By William M. Ferrell
Lakeshore Lodge No. 551 of Oakland is a “neighborhood Lodge” in every sense of the word. As its historian, Past Master Joseph A. Sullivan, noted, it “was established to serve the fast-growing district north and east of Lake Merritt.” Most of its founders were homeowners and commuters, “a closely-knit group, readily amalgamated in fellowship that gave the lodge an excellent start.”
Lakeshore traces its history back to its first preliminary meeting held on February 8, 1923. This meeting, top heavy with official aid, was attended by four Inspectors of the East Bay District, whose advice undoubtedly gave the brethren the impetus they needed to complete all their organizational work in quick order. With Arthur Woodby Baker as their first Master, Joseph Augustine Sullivan as Senior Warden, and William Elbert Pitcher as Junior Warden, they received their Dispensation from Grand Master Sherman on March 27, 1923. Their charter followed seven months later, on October 11, 1923.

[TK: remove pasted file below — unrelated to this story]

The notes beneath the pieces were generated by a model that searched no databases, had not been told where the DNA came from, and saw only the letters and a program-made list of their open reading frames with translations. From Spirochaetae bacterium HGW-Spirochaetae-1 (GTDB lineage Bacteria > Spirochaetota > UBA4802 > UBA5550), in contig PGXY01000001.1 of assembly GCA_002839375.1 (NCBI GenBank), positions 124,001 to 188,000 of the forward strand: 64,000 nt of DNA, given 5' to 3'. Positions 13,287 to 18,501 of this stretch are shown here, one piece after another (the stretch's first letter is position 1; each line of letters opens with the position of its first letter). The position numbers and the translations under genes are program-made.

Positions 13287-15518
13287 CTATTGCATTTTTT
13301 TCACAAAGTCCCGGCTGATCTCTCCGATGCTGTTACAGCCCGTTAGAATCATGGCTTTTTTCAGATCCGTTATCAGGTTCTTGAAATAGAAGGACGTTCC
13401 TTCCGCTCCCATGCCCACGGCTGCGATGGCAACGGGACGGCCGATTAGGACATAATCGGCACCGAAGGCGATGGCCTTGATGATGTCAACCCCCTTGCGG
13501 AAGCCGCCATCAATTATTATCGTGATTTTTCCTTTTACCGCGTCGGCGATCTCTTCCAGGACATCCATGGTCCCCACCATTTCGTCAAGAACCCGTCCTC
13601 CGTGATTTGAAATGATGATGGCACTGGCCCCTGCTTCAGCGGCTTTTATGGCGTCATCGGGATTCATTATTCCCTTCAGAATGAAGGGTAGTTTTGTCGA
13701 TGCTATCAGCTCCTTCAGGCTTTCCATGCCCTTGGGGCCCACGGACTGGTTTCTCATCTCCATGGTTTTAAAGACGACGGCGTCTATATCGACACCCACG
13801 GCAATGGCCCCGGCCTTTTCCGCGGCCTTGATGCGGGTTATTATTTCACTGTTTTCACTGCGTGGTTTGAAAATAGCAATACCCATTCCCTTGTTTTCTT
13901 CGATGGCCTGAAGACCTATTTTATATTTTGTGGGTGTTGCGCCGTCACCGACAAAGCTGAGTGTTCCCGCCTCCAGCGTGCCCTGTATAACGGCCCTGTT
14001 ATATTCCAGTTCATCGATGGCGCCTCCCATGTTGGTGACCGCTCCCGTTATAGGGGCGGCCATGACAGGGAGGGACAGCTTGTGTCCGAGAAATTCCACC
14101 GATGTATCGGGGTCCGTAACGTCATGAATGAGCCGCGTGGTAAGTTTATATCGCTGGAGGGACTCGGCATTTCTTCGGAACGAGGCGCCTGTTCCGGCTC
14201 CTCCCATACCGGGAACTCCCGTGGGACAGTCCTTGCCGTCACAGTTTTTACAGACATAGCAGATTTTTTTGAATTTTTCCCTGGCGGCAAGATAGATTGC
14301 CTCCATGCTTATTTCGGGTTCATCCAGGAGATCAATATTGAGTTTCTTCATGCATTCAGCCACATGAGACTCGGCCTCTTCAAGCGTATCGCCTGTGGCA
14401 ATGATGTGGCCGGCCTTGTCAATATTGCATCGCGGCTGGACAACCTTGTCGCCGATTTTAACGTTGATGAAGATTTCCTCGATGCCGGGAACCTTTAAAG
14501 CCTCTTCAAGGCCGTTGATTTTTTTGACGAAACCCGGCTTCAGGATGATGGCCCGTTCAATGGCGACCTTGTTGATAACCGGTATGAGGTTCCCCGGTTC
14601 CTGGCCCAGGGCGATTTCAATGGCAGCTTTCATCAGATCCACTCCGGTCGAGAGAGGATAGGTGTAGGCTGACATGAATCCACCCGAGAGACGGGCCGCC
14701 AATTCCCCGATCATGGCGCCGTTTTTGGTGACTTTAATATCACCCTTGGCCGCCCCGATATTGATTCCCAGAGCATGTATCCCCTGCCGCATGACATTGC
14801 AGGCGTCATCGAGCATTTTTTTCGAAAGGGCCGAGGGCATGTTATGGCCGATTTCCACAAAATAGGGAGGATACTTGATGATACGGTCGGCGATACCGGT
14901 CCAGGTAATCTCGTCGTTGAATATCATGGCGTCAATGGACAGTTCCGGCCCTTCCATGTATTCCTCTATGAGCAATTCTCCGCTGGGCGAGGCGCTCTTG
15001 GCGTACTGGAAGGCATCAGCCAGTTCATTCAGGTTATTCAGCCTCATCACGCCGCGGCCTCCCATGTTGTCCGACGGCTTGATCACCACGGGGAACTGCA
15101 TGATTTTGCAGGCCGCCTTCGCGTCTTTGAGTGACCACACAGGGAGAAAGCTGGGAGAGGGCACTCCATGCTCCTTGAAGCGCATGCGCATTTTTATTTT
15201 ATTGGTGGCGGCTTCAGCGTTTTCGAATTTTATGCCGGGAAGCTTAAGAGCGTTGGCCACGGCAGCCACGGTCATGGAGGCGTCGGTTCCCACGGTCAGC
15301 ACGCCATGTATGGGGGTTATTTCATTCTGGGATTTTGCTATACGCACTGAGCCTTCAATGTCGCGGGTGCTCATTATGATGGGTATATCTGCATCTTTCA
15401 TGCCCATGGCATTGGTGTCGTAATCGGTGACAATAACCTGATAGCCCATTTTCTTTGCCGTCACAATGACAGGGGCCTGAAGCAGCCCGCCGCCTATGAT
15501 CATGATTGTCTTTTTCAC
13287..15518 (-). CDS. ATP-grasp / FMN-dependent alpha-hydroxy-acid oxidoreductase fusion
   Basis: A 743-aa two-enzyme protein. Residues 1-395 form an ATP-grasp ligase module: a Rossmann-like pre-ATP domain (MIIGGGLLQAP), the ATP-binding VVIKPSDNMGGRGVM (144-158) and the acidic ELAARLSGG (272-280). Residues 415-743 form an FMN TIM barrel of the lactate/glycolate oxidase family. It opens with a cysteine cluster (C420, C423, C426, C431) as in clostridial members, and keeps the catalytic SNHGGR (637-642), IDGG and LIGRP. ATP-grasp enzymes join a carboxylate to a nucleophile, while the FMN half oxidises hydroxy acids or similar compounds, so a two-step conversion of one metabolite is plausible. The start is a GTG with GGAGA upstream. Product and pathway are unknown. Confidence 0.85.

Lakeshore Lodge first met in the Community Center Hall at 712 Grand Avenue, where it was instituted on April 6, 1923. Then it met at the Brooklyn Masonic Temple that was at 807 East 14thst. Oakland. For the first few years, Lakeshore’s membership kept pace with the growth of the surrounding neighborhood, increasing from 37 in 1923 to 208 in 1930. But during the Depression years, it was not as unaffected as some of its sister Lodges across the bay. It slowly declined to 172 in 1938, after which it started upward – slowly at first, then picking up speed till it reached 257 members by 1949.
On July 1, 1980, Lakeshore Lodge reached an agreement with Diamond Lodge No. 603 and Lake Chabot Lodge No. 770, and they combined to become Tri-square No. 551. The newly consolidated lodge met at Hayward’s “B” St temple.
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